Now Rubin's answering the modeling question. In his verbose way he's essentially saying what I said yesterday: Garbage in, garbage out. Historical models can't reflect the probabilities associated with new conditions or new financial instruments.
He's "advising" again: "What you all forward is ... what we need to do is make changes that reflect on the downside risks to the system."
Georgiou's perfect answer: "Let's keep the focus on you people for a minute."
He's asking about internal meetings. "Mr. Rubin ... you had a whole history at Goldman Sachs. Careening into '07 Citi made a number of bets that put you in even further jeopardy." He's mentioning Citi's acquisition of Ameriquest, already known to be a dog, after the stuff had already hit the fan at other firms. Craziest business move in recent history, some say.
"I don't think any major firm saw the potential for the kind of crisis that we had," answers Rubin. Yeah, but nobody else bought Ameriquest, buddy: YOU did.
"It was about three months before we became aware of these Triple AAA positions," says Rubin. But that was after the Bear Stearns hedge fund failure! Everybody saw trouble coming ... but you, apparently. Georgiou's dropping this line of questioning and moving on.
Georgiou is on to Prince and the "dance" metaphor: Man, must Prince be sorry he said that. Why, asks Georgiou, did you allow leveraged lending to be tripled? I actually sympathize a little bit with Prince's point here: If you drop out of the feeding frenzy while everybody else is making millions and billions, your people will leave you en masse. Hello, Wallison and Thomas: That's why we need regulators. But Georgiou has a strong counter: You could've addressed the fact that there wasn't enough money backing up these runaway risks.
Prince and Rubin say they'd like to respond in writing. But Rubin can't resist adding a Greenspan-esque closing comment. "Whateve you do," he says, "people will always find their way around it." But Georgiou comes back swinging, with very concrete policy ideas in response. "There's a reason why you had more than a trillion dollars off your balance sheet," he says. "It seems to me that for transparency and clarity, that needs to be addressed." Rubin asks for extra time, so Georgiou just takes even more to rebut. You've got to have some risk on the line, he says.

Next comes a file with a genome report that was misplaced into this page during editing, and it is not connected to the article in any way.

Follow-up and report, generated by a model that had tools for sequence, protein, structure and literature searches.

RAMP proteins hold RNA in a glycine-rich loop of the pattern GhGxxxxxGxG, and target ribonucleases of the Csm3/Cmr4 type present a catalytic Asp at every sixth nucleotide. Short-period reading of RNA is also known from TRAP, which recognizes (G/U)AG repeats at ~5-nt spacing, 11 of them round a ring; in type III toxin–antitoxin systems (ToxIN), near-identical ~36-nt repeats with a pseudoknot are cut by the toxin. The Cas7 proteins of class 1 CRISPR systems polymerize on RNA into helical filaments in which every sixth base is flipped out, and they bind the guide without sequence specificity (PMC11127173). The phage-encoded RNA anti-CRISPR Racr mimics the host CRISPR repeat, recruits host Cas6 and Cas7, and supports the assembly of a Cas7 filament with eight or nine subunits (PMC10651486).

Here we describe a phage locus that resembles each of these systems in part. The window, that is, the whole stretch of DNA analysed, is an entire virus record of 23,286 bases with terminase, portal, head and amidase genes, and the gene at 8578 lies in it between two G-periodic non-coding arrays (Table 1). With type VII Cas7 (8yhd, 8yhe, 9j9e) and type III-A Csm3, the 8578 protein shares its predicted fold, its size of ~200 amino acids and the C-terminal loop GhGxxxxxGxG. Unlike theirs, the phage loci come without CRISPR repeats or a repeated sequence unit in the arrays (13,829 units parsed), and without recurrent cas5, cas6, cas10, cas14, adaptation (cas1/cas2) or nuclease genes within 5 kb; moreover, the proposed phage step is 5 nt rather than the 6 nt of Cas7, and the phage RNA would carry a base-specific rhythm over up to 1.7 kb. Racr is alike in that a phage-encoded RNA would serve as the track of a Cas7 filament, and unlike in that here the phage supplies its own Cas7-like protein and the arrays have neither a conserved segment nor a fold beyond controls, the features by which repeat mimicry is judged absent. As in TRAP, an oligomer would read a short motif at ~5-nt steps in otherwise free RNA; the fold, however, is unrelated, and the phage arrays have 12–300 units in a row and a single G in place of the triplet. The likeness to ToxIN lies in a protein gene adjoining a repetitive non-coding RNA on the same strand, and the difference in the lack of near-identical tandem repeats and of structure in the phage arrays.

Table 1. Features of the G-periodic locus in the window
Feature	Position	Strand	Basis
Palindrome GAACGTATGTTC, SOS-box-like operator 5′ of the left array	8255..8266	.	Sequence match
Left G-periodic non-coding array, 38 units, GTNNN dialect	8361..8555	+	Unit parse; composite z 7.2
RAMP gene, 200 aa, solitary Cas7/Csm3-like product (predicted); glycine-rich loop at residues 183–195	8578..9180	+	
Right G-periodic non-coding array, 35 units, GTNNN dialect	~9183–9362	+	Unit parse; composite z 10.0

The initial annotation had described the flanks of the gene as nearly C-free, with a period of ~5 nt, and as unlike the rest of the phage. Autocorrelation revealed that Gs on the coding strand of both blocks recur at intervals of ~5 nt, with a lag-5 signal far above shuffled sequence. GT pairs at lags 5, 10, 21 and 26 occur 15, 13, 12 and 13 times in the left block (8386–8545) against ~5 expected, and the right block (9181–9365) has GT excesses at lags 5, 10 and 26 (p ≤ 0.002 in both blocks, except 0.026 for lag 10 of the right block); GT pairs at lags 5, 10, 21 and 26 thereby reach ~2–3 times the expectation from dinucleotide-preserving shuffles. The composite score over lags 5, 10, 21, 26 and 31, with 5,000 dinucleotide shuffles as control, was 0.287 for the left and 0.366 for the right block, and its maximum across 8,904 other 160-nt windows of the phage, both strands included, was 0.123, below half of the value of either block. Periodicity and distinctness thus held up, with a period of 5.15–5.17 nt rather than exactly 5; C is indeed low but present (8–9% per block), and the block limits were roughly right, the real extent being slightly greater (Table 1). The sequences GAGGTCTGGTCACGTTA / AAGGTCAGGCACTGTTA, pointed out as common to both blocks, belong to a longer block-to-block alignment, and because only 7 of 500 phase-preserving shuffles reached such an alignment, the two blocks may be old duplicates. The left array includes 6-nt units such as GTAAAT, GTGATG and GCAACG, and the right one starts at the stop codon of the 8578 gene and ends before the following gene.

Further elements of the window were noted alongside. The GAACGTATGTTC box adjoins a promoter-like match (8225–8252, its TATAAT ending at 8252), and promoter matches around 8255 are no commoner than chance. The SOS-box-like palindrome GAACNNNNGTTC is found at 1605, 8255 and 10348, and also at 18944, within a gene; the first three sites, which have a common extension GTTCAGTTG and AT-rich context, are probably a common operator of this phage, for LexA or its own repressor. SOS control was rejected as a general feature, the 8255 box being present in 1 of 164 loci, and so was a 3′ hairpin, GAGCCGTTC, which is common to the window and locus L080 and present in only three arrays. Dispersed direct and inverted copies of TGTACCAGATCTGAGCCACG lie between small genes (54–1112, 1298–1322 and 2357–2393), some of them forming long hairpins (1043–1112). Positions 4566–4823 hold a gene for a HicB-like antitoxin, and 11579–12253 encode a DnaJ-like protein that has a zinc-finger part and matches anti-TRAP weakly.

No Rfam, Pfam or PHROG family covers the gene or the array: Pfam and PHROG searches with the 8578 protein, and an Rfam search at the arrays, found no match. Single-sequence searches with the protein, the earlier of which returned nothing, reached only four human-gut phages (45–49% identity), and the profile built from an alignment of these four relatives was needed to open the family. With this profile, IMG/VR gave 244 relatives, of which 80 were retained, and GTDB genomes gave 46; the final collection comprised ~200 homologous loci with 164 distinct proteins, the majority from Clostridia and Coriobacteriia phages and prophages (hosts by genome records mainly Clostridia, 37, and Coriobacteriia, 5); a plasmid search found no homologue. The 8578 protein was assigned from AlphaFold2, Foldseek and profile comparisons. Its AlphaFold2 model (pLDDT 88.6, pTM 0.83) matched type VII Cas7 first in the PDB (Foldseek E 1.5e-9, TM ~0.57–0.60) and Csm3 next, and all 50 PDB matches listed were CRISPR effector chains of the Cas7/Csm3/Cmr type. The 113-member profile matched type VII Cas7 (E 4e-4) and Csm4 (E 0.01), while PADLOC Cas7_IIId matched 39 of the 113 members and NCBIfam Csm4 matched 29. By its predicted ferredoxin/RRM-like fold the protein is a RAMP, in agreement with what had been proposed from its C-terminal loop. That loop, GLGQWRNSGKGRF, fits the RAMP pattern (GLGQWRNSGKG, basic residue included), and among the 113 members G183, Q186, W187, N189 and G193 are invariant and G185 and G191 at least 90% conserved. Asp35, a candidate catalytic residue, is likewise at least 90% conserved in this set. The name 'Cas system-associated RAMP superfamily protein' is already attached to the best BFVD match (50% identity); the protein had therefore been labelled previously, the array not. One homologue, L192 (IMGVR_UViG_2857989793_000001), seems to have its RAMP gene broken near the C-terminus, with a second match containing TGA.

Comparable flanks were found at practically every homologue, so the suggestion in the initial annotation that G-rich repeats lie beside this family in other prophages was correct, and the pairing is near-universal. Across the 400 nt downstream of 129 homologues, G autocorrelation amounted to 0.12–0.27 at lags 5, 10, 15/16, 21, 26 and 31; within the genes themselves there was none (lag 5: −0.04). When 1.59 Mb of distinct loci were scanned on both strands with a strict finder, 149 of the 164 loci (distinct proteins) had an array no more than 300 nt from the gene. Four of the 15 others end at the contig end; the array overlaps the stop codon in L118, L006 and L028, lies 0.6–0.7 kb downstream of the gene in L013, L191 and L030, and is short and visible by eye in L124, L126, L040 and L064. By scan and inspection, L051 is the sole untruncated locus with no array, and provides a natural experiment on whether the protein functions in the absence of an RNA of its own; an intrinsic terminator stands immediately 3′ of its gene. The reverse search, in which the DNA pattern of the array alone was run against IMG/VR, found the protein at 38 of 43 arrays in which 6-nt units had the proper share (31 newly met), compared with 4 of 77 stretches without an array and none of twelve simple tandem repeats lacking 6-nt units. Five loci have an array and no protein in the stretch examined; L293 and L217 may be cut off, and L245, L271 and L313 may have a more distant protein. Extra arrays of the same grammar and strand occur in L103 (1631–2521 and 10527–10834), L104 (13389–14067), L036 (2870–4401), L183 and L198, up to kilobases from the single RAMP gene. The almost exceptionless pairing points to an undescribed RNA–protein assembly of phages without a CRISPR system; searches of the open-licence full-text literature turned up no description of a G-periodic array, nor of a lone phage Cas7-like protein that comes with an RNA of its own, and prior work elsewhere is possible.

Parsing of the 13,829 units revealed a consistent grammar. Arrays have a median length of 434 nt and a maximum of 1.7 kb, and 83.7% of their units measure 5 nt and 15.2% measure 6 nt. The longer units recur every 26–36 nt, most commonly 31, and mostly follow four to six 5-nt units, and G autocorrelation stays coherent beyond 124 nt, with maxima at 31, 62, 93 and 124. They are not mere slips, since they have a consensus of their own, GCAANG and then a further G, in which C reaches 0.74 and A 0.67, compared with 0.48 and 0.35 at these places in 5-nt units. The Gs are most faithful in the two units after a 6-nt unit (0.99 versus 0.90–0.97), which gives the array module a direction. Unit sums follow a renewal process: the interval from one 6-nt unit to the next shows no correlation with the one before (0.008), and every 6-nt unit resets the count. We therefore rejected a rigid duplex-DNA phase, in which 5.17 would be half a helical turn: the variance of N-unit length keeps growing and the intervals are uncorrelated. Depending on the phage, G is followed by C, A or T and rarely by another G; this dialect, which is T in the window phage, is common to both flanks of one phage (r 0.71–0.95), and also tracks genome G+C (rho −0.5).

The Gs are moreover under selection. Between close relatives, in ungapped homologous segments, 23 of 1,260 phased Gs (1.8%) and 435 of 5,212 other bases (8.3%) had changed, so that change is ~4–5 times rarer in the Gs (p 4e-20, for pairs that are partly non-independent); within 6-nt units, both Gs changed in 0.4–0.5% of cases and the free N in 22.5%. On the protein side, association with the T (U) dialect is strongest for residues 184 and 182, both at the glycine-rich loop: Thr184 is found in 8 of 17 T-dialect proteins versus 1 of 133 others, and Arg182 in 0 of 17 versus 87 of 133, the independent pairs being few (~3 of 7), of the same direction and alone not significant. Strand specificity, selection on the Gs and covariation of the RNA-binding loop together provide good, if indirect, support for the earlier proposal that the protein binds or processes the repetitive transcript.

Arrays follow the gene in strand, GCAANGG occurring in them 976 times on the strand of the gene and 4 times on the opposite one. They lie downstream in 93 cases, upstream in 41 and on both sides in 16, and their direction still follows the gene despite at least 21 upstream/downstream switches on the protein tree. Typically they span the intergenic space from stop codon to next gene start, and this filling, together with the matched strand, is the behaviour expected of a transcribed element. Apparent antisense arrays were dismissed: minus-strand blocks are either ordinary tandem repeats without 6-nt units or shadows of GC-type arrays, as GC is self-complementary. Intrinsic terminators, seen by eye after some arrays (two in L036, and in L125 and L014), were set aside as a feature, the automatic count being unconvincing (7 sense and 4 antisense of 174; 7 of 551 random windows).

A great day for Byron Georgiou.
Douglas Holtz-Eakin is questioning now. His resume is a conservative "usual suspects" list: Bush II's economic team, American Enterprise Institute, McCain campaign, and anti-government activist Pete Peterson's organization. His first question's okay, although it clearly reflects his absence from the rest of the hearings: How can you say you couldn't foresee what happened?
We need reform, says Rubin.
Risk management, says Holtz-Eakin. Risk assessment. I think I'm going to call it the Greenspan Doctrine: Don't regulate, just ask companies to assess their own risks more intelligently. Good luck with that ...
You placed too much reliance on credit rating agencies, says Holtz-Eakin. Didn't you?
Gee, you shoulda asked David Bushnell (chief risk officer)when he was here yesterday, says Prince. Oh, that's right - you weren't here yesterday. These guys have deferred so much of the responsibility to Bushnell ... and they're blaming him for assessing there was a 1 in 10,000 chance of failure ... that Bushnell should have been the CEO.
Bushnell ... Bushnell ... Bushnell ... I'm sure he acted in good faith, says Rubin. Yeah, but the Fed review sez you guys had been internal communication, didn't measure risk, and your regulator pals said you dropped the ball. You still have faith in your processes?